• Developers: Then much of the work falls to the various groups involved in the shifted-left activity. For example, when organizations shifted testing left into development (and called it unit testing), developers had to build and run unit tests. 
  • QA: QA professionals were also impacted because they had to teach developers how to “think like QA” when writing unit tests. 
  • A coach: Adding a “coach” can monitor the overall progress made by the organization. This can be an internal individual who is looking for a challenge, or (more often) an external consultant with expertise in making the shift. 

What steps should an enterprise take when looking to shift left?

Shift left is an organizational mindset shift, so companies should establish goals and agree on a process before starting. It’s generally best to start small, generate a “win, and then widen the scope as the organization becomes more comfortable. Typically, this begins with a smaller project with more flexible milestones –by a team that is interested in change and open to new ways of thinking. Executives should be prepared to step in frequently, to clear obstacles or provide additional support to the team – or just to celebrate milestones. 

After the initial “win,” executives should socialize the victory to the rest of the company and roll the new shift out to other projects. In some cases, team members from the original project can act as “consultants.” If an external consultant was used for the first project, that consultant can act in a more consultative capacity rather than 100% “hands-on” on a single project. Executives again should “lean in,” clearing new obstacles and providing resources where necessary, and again celebrating with the teams when milestones are hit.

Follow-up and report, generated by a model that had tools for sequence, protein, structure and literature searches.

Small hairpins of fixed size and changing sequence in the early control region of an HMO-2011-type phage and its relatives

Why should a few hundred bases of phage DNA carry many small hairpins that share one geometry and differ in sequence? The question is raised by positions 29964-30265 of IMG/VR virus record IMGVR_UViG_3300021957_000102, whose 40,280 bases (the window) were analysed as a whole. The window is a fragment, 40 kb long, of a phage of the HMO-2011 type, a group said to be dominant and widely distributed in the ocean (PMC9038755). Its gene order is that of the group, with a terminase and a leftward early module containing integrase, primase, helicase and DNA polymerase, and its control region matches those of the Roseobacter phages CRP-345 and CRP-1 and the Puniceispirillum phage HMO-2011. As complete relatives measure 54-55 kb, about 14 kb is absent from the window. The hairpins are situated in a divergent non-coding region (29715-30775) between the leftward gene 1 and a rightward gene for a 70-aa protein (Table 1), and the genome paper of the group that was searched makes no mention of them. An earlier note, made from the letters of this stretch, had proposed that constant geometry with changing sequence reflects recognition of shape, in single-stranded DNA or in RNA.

Executives can hire or promote new executives that openly embrace and encourage shift left mindset, as well as hiring and/or rewarding those team leaders that also embrace the new shift. After another iteration or two, it will be difficult to find anyone at the company who remembers doing it any differently. 

How does Azul help with the shifting left mindset?

Azul Vulnerability Detection, a feature of Azul Intelligennce Cloud, focuses scarce human effort where vulnerable code is or has been used versus simply present, to help reduce issue backlogs. Intelligence Cloud retains component and code-use history, focusing forensic efforts to determine if vulnerable code was exploited prior to it being known as vulnerable. 

Inefficient prioritization of vulnerabilities and unused code wastes effort, hampers agility, and reduces developer productivity due to constant context switching and unproductive code maintenance tasks. Azul Vulnerability Detection is not another dashboard for 

customers to look at. Users can access data on which components are in use, and vulnerable, using either the product’s API or an intuitive UI. The role of the web UI is to show the information we have and guide customers to the REST API.